A senior councillor punched his neighbour after someone wrote “Die” on his front door, a court heard.
Tony Cox, 38, arrived home to find the letters ‘I’ and ‘E’ had been scrawled after his flat number, D.
He assumed next-door resident Jamie Waterfield was responsible and laid into him as he opened his door to say goodbye to his girlfriend.
Mr Waterfield suffered a split lip and reddening to his left cheek as a result of the outburst on May 20 last year.
Cox is the Conservative councillor for West Shoebury, Essex, and also a member for transport, waste and regulatory services at Southend Council.
He is currently on trial at Basildon Crown Court over the assault, having denied causing actual bodily harm.
Opening the case for the prosecution at Basildon Crown Court on Monday, Sarah O’Kane said: “Someone had written on Tony Cox’s door the letters IE after D – his flat number.
“This defendant thought that Jamie Waterfield was responsible and as Mr Waterfield was seeing off his girlfriend that evening Mr Cox asked him if he thought he was funny.”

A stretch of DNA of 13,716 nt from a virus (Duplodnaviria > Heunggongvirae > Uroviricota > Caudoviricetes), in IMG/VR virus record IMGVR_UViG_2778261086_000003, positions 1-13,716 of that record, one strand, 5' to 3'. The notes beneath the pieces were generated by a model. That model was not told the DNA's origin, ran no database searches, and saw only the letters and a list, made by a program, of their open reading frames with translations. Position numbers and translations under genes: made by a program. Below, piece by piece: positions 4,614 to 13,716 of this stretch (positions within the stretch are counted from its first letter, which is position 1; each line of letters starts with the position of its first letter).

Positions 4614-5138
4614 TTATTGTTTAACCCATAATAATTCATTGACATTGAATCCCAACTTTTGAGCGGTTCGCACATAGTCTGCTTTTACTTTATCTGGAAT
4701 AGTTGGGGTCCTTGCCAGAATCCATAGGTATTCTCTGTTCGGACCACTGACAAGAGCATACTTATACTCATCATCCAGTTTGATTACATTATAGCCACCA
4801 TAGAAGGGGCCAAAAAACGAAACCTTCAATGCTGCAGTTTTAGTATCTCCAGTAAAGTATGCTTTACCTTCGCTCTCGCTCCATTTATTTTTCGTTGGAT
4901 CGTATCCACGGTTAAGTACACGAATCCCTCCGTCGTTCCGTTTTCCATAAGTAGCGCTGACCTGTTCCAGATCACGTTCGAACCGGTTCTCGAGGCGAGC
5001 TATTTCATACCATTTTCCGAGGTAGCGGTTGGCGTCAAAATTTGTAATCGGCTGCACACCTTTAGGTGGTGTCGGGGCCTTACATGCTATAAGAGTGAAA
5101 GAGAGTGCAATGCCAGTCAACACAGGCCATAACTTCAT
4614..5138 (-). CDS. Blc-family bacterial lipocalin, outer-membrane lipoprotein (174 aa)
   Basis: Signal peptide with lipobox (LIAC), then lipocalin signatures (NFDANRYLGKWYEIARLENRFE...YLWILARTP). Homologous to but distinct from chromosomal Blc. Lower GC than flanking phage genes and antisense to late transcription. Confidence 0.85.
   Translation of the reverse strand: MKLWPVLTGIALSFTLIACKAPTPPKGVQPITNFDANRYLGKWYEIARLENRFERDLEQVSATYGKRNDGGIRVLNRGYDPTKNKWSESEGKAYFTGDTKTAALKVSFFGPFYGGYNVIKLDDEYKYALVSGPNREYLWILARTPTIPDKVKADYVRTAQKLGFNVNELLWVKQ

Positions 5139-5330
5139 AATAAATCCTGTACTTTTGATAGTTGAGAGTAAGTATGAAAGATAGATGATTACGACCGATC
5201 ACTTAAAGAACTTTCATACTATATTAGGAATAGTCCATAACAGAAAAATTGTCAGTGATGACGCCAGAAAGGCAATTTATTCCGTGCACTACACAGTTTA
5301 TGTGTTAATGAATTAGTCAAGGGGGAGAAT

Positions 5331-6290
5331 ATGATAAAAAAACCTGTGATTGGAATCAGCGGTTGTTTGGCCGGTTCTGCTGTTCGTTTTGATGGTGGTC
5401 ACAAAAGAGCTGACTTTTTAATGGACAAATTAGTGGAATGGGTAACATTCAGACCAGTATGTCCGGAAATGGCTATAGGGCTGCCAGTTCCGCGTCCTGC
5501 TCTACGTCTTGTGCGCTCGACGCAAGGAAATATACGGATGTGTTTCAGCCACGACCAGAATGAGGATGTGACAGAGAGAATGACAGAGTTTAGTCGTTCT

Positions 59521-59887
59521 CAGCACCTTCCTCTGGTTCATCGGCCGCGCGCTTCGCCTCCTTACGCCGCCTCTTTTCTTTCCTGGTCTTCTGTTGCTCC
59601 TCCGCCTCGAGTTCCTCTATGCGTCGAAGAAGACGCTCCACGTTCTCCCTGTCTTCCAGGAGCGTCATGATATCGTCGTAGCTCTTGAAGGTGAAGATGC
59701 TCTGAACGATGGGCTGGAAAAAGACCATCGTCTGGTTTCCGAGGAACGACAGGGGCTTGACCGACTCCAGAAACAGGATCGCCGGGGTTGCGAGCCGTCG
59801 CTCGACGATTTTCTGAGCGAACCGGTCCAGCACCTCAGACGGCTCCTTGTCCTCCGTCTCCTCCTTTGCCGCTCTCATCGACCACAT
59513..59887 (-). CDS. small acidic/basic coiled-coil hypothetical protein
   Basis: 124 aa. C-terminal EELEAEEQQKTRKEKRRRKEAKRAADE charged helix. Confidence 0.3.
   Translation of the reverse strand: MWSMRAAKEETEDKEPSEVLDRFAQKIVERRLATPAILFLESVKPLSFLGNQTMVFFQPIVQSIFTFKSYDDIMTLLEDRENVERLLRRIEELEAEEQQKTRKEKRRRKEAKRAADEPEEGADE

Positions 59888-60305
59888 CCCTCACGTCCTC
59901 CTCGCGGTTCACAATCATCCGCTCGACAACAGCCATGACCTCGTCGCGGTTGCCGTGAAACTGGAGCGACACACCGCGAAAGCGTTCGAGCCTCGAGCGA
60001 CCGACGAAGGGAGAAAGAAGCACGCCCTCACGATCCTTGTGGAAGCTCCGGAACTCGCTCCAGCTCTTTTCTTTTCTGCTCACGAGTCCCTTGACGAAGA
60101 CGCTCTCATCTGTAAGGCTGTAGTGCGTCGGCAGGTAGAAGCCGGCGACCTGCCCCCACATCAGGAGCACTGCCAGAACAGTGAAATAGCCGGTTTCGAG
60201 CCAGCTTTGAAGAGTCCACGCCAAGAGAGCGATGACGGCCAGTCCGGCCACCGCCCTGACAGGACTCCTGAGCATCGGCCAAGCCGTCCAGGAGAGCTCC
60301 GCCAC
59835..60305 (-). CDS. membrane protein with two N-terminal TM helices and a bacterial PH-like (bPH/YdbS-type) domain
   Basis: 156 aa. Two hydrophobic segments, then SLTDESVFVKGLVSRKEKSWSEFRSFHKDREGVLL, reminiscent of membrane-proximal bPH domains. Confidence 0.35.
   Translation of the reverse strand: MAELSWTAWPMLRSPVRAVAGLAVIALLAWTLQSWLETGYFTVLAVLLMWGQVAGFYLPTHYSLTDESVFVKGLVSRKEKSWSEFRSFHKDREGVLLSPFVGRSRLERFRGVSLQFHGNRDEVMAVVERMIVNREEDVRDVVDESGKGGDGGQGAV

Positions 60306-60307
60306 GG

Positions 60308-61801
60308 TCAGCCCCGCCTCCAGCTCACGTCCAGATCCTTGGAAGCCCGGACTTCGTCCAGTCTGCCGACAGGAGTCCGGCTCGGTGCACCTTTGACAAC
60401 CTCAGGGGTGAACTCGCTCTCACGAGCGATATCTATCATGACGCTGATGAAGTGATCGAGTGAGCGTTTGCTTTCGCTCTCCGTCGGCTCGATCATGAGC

The court heard Cox told police he believed Mr Waterfield was responsible for the graffiti, but said he did not punch him at any stage during the course of the evening.
He said the only time there had been physical contact was when he pushed Mr Waterfield out of his own flat in defence of himself and his wife.
He claims Mr Waterfield was already injured when the confrontation began.
The court heard from Mr Waterfield’s partner of nine years, Courtney Newman, who told the jury Cox had confronted them as she was leaving for a night out before punching Jamie twice in the face.
She said: “It stuck in my mind because of the amount of blood that came out of his lip.”
Defending, Paul Jones said to Miss Newman: “I put it to you that Jamie said to Mr Cox ‘See what’s on your door – that’s what’s going to happen to you and your family but you won’t know when’.”
Miss Newman told the court that this was not true.
The trial continues.